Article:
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We used an unconventional cooking method to make this fantastic Beer Braised Barbecue Pork Butt recipe! Read more about it below.
Like everywhere else around the country, here in New England, we’ve been sweltering under a ‘heat dome’ that the meteorologists on the news broadcasts keep talking about! With daytime temperatures in the 90’s – the last thing we want to do is heat up our kitchen by turning on the oven.
At the same time, Jack and I have been on a “freezer cleanout” – with the goal of cooking with and eating all of the random ingredients we’ve gathered over the last few months. In the bottom of our freezer, I found a frozen pork butt – a meat that lends itself to low and slow cooking. After searching online, we landed on this delicious Beer Braised Barbecue Pork Butt recipe.
Our recipe today is very slightly adapted from this recipe by Dave Lieberman on The Food Network. I’ll be honest – we didn’t set out to share this Beer Braised Barbecue Pork Butt recipe here on A Family Feast (we were just cooking some dinner for ourselves)! But this came out so delicious, tender and flavorful – we decided to share it here after all!
The original Beer Braised Barbecue Pork Butt recipe has you braise the pork butt in the oven for three hours – but to avoid heating up our house, Jack had the great idea of using our outdoor gas grill instead!
Like you typically would – we first seared the pork butt – but on the grill instead of in a skillet. Then we placed the pork and beer (used for both flavor and as a braising liquid) into a heavy-bottomed Dutch oven that could withstand the heat from our gas grill.
Three hours later – this Beer Braised Barbecue Pork Butt was fall-apart tender! A simple, sweet sauce of ketchup, stone ground mustard, Worcestershire sauce, and brown sugar plus the juices from the pork gets added to the pulled pork at the end – and dinner is served!
A few last notes: You can of course, make this recipe in the oven as was done in the original recipe. I also know that some of you will ask if this recipe can be made in the slow cooker – and the answer is yes. (The cooking time will vary.) But I will note that braising meat in a Dutch oven lends an additional level of caramelization to the meat (thanks to the very hot heat of the pan) that a slow cooker can’t replicate. Having said that, the choice is yours!
- 2 tablespoons kosher salt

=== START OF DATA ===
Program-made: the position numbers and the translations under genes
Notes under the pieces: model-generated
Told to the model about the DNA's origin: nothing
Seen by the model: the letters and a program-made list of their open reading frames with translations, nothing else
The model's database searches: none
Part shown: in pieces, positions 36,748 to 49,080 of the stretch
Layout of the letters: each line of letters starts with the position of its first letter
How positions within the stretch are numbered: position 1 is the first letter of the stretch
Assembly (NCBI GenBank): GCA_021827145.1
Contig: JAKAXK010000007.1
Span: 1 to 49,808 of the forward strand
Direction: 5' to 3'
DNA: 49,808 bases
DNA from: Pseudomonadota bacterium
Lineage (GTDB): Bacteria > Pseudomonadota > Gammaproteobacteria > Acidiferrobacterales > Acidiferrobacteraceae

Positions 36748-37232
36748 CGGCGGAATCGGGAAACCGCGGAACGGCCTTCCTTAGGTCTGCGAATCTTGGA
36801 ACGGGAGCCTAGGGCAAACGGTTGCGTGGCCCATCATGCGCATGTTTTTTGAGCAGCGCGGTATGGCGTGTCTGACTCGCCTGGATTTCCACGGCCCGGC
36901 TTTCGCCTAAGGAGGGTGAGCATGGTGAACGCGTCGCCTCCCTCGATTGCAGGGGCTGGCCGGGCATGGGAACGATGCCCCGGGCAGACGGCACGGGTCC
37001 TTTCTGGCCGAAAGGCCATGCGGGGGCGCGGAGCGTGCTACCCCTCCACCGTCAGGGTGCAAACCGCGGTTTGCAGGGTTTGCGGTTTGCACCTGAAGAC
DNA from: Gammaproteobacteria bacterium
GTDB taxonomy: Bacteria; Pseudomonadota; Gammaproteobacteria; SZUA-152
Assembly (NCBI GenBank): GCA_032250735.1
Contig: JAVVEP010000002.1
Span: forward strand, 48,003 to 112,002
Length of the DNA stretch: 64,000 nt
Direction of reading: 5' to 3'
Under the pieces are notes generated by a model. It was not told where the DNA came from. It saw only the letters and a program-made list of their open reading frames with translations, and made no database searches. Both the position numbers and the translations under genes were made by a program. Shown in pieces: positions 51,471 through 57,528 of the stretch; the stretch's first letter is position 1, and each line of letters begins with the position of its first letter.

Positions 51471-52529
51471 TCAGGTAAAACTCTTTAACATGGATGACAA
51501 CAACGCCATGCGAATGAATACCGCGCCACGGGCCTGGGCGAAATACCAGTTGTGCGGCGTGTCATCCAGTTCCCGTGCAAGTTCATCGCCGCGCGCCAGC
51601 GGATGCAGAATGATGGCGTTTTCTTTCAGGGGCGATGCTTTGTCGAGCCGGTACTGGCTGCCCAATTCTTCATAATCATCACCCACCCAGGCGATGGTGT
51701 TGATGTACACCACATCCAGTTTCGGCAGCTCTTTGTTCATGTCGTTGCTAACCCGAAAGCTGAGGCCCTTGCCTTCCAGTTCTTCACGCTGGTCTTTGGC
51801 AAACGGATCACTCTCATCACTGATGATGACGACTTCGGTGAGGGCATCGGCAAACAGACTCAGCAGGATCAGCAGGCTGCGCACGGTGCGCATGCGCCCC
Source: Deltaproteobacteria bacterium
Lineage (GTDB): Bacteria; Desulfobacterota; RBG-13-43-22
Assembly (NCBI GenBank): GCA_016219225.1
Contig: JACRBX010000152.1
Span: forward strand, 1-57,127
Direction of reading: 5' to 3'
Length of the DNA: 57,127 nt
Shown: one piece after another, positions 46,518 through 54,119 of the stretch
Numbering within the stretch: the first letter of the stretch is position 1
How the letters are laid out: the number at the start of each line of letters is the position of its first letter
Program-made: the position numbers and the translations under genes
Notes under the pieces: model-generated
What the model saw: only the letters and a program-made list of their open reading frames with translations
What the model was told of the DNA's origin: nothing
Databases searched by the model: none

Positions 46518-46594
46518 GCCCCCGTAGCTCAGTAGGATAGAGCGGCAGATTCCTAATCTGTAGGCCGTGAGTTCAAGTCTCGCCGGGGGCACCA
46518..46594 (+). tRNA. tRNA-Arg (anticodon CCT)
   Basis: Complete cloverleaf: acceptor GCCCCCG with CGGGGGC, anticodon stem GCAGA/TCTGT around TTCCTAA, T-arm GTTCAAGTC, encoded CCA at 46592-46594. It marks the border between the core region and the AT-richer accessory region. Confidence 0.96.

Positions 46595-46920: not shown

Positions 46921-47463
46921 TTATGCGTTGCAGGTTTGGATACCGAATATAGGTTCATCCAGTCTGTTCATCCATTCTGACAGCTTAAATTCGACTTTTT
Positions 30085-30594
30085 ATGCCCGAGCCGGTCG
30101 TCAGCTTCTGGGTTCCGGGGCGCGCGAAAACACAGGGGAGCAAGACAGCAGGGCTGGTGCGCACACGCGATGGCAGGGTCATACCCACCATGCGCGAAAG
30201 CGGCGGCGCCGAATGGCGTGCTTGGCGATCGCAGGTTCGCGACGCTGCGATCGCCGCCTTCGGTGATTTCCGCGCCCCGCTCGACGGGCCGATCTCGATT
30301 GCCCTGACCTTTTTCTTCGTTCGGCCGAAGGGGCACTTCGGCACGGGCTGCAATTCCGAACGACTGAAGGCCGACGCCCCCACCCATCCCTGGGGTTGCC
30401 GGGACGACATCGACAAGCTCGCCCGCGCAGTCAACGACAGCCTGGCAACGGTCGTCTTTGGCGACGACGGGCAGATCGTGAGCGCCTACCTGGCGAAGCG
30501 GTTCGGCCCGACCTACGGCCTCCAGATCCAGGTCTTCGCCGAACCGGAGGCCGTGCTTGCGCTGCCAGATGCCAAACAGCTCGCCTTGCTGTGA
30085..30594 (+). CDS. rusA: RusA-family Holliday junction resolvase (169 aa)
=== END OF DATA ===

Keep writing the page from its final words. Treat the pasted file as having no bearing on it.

- 2 teaspoons freshly ground black pepper
- 2 tablespoons hot Mexican chili powder
- 1 tablespoon garlic powder
- 2 teaspoons ground coriander
- 2 teaspoons mustard powder
- 5 pound pork butt
- 1 large red onion peeled and sliced into six large thick slices
- 4 large garlic cloves, smashed
- 2 tablespoons olive oil
- 1 12-ounce bottle dark ale beer
- ½ cup ketchup
- 2 tablespoons stone ground mustard
- 3 tablespoons Worcestershire sauce
- 1/3 cup brown sugar
- In a small bowl, mix salt, pepper, chili powder, garlic powder, ground coriander and mustard powder.
- Rub this mixture all over the pork and then place in a gallon zip lock bag. Refrigerate for at least four hours or overnight.
- Three hours before serving, heat grill to high on one side and the lowest burner setting on the other.
- Place the onions and garlic in a 5 quart Dutch oven that has a lid. Place that on the cool side of the grill.
- Once the hot side is hot, place the pork butt on a plate and brush all sides with the oil. Then place on hot grill and sear all sides, about 10-15 minutes total. The char on all sides should be nice and dark, even black in spots.
- Lift the meat with tongs and place in the Dutch oven on top of onions and garlic.
- Pour the beer over the top of the meat and place on cover.
- Shut off all burners except the one under the meat and set that to as low as it will go and close grill cover. Our one burner on low maintained a temperature inside the grill of 275 degrees F.
- After three hours, remove lid with pot holder and check for tenderness of meat by pulling off a small piece and trying it. Meat should be fall apart tender.
- Remove the meat to a clean platter to rest.
- Take the liquid left in the pan and skim off any fat floating at the top and discard.
- To the remaining liquid, add catsup, mustard, Worcestershire sauce and brown sugar.
- Increase the burner to bring the mixture to a boil, then lower to a medium simmer and simmer between 10 and 20 minutes or until thick. (This step can be done indoors on your stove top if you wish).
- Once the sauce is done, shred the meat with two forks and add back into the pot with the sauce.
- Stir and serve over rolls or as an entrée alongside coleslaw, baked beans, macaroni and cheese, collard greens and corn on the cob.
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